Miriama Diallo’s “Master” serves up a blend of suspense, drama, horror, and comedy to effective results led by the commanding performances of Regina Hall and Zoe Renee. Hall plays Gail Bishop, a newly appointed House Master at Ancaster College. It’s a predominately white school and Gail is forced to deal with various levels of racism. Much like new student Jasmine (Zoe Renee) who just so happens to have been placed in the dorm’s infamously haunted room. That is where this film blends systemic racism, and the folklore of the Salem Witch and while the tone works in spots, overall, I felt it was a hindrance to the potential of the story.
With performances from Hall and Renee that thrive on emotional intensity I was hoping this story would lean more into the suspense and mental stress than it did the horror. This story is compelling, it’s filled with appealing characters, and the subject matter is conditioned for psychological tension. So, for that aspect the Blumhouse-esque horror set-pieces felt a bit beneath what this movie was capable of delivering. I was routinely invested in these characters, and the uneasiness felt from the ‘non-horror’ moments was thought-provoking. So, when the witch elements cut in, they feel a bit jarring. Not because of the intention, simply because the shadow effects, the set-ups to the visions, and how they were cut into the story, all felt a bit cliché.
Which is unfortunate because the substance of this story is so much smarter than needing simple horror tropes to create frights. This is still a very engaging film regardless. It’s layered with much more intelligence than a typical horror movie so there is plenty about this one to be lured by. It’s a slow burn, it’s moody, and atmospheric. It builds on social commentary about the racism in this country and it effectively serves as the pulse of the narrative. Yet, it’s also a bit over literal in places as well. However, if you like horror with intellect and meaning, Diallo’s “Master” is not a film to miss.
One of the more fascinating films from Sundance was certainly Riley Stearns’ “Dual” starring Karen Gillan as a woman who decides to be cloned when she is diagnosed with a terminal illness. However, once she makes a full recovery, she will be forced to take part in a court ordered duel to the death with her own clone. Now, on paper alone this plot feels like loads of fun and for the most part the film delivers on it. I loved the performance from Gillam, she was an interesting, and highly quirky person. Naturally you want to learn more about her, so she provided the story with an enchanting lead.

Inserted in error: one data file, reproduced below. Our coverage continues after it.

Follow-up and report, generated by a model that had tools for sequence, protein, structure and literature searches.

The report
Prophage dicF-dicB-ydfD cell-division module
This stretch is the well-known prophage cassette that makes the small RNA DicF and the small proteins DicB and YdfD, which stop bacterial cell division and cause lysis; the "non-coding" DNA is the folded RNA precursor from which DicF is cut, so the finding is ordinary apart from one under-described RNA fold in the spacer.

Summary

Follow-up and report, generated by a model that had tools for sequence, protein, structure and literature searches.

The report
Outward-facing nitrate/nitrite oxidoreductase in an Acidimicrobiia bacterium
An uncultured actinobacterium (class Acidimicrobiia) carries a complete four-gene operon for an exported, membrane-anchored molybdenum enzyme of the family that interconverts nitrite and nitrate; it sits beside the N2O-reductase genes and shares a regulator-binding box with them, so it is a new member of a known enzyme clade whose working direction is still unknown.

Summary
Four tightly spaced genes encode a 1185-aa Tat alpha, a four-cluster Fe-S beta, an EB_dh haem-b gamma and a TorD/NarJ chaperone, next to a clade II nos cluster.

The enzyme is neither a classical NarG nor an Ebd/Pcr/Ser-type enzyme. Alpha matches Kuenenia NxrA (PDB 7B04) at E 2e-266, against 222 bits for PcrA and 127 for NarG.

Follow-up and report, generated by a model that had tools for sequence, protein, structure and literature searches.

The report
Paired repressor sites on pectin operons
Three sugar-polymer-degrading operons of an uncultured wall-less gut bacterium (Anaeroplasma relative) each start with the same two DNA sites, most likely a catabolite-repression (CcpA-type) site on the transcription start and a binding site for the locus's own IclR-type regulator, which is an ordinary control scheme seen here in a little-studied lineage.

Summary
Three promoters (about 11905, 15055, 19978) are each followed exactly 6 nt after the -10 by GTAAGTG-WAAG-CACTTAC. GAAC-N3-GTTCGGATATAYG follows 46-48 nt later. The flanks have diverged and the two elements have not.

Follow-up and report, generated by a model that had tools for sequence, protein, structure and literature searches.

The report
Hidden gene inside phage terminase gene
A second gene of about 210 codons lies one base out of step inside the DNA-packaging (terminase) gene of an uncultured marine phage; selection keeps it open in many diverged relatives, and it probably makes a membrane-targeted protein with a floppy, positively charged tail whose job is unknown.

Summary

The overall intention of the plot was creative and certainly ambitious yet not completely realized with surface level development. The rules of this world were a bit vague, and at times its layering felt convenient, simply because of the progression. It’s intended to be a tale of facing your own mortality cut with futuristic science-fiction and it doesn’t always work. The process of cloning, how these clones work, how their minds process, and much more was a bit thin. The governing laws were as well, and it all pretty much gets served up with exposition. This is where more layering and a deeper dive would have been more effective in rounding out the foundations of this world. Because thought-provoking, and questioning, are different and this one was more the latter.
As mentioned, Gillam was fantastic, but I think her direction was a bit off. She’s not the most emotional of people and she almost feels like a clone herself. Maybe that was the point. But she, and really every character in this movie, was lacking genuine human emotion. Exploring human mortality, the acceptance of death, and the need of feeling love from those close to you are all emotional topics. So, a lack of emotion from the players in an emotionally driven plotline, while possibly intended, turned out to be a bit awkward. It prevented me from being pulled into the weight of the situations placed on the characters. Yet, it didn’t pull me completely out of the story. “Dual” is interesting if not anything, and Gillam alone is worth a watch.
James Ponsoldt’s “Summering” is a coming-of-age film that leans heavily onto genre classics like “Stand by Me.” Centering on four tween girls enjoying the summer before middle school who will learn about themselves, life, and their friendships, when they come across the dead body of a suited man. Possibly a bridge jumper, the girls decide not to call the police but instead make it their mission to find out who this man is from their own investigations and from there this journey to maturity and enlightenment will begin.
“Summering” delivers sincere performances from the younger cast, and spots of the dialogue do manage to rouse nostalgic memories of one’s youth as well. But a slow pace, a collection of charming young ladies that don’t really feel their ages, or like natural friends, and a bit too much effort woven into the sentimentality does hinder an otherwise lovable movie. Kids often fail to do the logical thing, so not calling the police doesn’t require too much suspension of disbelief. Here, the thin story lines and a lack of authenticity are what truly undercuts the potential.
That isn’t to say I didn’t enjoy this one because I did. I was engaged in the young cast and the enthusiasm in their performances. Their case to find out who this guy was doesn’t really weave a ton of mystery, but it can still entertain. The adult cast led by Lake Bell and Megan Mullally are able to infuse substance into otherwise flat characters as well and “Summering” certainly has its qualities. But it could have benefited from a female perspective in the writing to make this group of modern-day Goonies, a bit more authentic. Regardless, if you love happy, sentimental, coming-of-age movies, “Summering” can take you there.
Anthony J. Digioia II © 2022 SilverScreen Analysis. All Rights Reserved.